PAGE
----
"This is certainly not the first issue we've ever disagreed on," says Montrose businessman Dee Coram about the stance staked out by his father, Representative Don Coram, in regard to the now-defeated civil unions bill. "But this is certainly the most public issue we've disagreed on." No kidding: Their disparate views landed them on page one of today's Denver Post and assorted TV stations -- because Coram mentioned Dee, who's gay, before casting a vote that helped kill the measure.
"I've always stayed out of the issues," Dee says. "But once it was brought up in the session by my father, he kind of thrust me into the limelight."
The first conversation Dee and Don had about the civil unions bill was "a week ago," Dee recalls. Back then, the legislation had been passed by the Democratic-controlled Senate, but it needed to negotiate a number of committees in the Republican-dominated House in order to reach the chamber floor, where supporters felt confident it would pass.
According to Dee, his father told him at the time, "'I think this does need to go to the House for a vote.' His reasoning was, 'The Democrats are really going to come after us this year and try to obtain some seats in the House.'"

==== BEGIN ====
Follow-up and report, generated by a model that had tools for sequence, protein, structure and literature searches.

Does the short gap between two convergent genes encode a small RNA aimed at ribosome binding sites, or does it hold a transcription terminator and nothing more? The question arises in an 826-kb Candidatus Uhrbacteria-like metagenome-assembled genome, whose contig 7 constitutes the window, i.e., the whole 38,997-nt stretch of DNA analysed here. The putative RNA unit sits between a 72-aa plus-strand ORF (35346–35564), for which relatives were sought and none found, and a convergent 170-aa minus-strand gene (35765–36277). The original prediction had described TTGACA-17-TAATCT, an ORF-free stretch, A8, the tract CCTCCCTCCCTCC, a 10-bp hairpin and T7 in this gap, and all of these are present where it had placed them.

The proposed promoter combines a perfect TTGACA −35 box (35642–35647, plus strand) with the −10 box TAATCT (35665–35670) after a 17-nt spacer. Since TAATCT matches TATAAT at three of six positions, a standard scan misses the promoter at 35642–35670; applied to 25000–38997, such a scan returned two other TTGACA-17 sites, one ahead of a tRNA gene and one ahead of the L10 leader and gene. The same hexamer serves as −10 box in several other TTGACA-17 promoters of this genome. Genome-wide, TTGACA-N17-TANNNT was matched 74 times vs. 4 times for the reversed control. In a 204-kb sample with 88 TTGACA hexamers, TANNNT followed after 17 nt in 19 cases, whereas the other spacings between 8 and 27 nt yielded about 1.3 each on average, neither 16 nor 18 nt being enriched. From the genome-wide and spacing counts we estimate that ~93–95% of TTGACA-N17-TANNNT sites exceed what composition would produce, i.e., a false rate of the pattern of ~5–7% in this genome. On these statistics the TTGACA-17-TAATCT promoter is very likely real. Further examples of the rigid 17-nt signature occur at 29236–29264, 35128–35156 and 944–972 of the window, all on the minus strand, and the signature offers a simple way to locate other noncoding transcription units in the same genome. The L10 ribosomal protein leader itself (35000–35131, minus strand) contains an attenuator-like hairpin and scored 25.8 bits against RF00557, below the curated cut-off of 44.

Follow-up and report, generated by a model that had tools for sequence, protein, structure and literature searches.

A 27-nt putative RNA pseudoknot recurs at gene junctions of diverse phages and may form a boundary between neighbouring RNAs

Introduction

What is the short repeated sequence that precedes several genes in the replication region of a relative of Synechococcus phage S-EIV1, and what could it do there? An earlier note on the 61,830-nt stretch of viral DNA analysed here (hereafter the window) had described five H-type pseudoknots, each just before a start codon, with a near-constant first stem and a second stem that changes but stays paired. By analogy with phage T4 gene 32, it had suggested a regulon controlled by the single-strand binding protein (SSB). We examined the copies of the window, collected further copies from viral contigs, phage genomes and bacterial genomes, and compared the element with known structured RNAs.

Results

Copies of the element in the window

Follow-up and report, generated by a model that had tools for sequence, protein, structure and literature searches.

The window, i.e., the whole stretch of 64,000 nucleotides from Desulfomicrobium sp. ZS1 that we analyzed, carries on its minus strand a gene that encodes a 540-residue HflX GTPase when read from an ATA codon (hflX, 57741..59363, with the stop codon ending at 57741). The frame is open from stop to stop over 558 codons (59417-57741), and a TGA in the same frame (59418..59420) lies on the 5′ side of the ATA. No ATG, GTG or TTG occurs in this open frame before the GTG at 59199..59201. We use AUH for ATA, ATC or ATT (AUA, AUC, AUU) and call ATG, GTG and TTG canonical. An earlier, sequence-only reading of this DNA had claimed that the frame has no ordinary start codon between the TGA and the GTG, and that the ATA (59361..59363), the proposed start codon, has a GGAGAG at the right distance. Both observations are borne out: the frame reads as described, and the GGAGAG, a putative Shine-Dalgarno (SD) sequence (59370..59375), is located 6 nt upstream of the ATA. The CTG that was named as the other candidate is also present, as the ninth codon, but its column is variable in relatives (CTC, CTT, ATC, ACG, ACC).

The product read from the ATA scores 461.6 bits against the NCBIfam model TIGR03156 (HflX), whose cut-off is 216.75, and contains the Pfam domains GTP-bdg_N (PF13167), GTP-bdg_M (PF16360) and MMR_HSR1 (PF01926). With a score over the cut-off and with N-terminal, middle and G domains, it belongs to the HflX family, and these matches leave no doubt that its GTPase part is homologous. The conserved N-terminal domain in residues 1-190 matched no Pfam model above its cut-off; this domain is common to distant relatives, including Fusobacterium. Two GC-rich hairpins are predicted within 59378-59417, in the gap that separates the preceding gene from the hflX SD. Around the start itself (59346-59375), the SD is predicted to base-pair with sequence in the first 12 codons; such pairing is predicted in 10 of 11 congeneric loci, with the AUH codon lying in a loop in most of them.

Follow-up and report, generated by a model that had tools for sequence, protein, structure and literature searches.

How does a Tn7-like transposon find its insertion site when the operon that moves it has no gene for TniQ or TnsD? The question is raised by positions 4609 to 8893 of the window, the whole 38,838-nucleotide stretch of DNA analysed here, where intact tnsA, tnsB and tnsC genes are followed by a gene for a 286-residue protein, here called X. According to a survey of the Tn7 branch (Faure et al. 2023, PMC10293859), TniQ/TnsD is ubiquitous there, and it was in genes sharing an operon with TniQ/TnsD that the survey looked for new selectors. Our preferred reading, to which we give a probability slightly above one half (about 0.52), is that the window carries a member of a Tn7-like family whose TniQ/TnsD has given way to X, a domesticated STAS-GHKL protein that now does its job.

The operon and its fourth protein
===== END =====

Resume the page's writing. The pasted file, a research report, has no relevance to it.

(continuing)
The bill seemingly perished toward the end of the regular session, when House leadership's strategy effectively precluded a committee vote that would have brought it before the full membership. Shortly thereafter, Governor John Hickenlooper called for a special session so that legislators could take action on a slew of measures caught up in the maneuvering -- especially the civil unions bill. But rather than assigning the latter to the same committee that had heard it earlier, House Speaker Frank McNulty sent it to the State, Veteran's and Military Affairs Committee. Dubbed by civil unions supporters as the "kill" committee, the body featured more Republicans than Democrats, and all of the former, including Don Coram, were reliable votes against civil unions.
In casting his nay, Don said he needed to properly represent the views of his Western Colorado district -- yet he also spoke with pride about his gay son, Dee. That prompted reporters to follow up, and when they did, Dee shared his disappointment with his father's actions. In his words, "I think there's always a time to follow and there's a time to lead. And I believe he was given that time to lead, and I think he missed the mark."
Page down to continue reading our interview with Dee Coram. Not that Dee has only made comments like these to the press. Don "phoned me last night about ten o'clock, and we had a nice, long conversation," he says. "It was a bit of a debate, but also a nice conversation."
The tenor of this chat was perfectly in keeping with their personal dynamic, Dee points out. "I was taught to always have my own opinion, but also to be able to back it up," he says. "I'm an only child, and since I'm 44 and my parents are 64, they were obviously young parents when I came along -- and we sort of grew up together. So we have a very good friendship."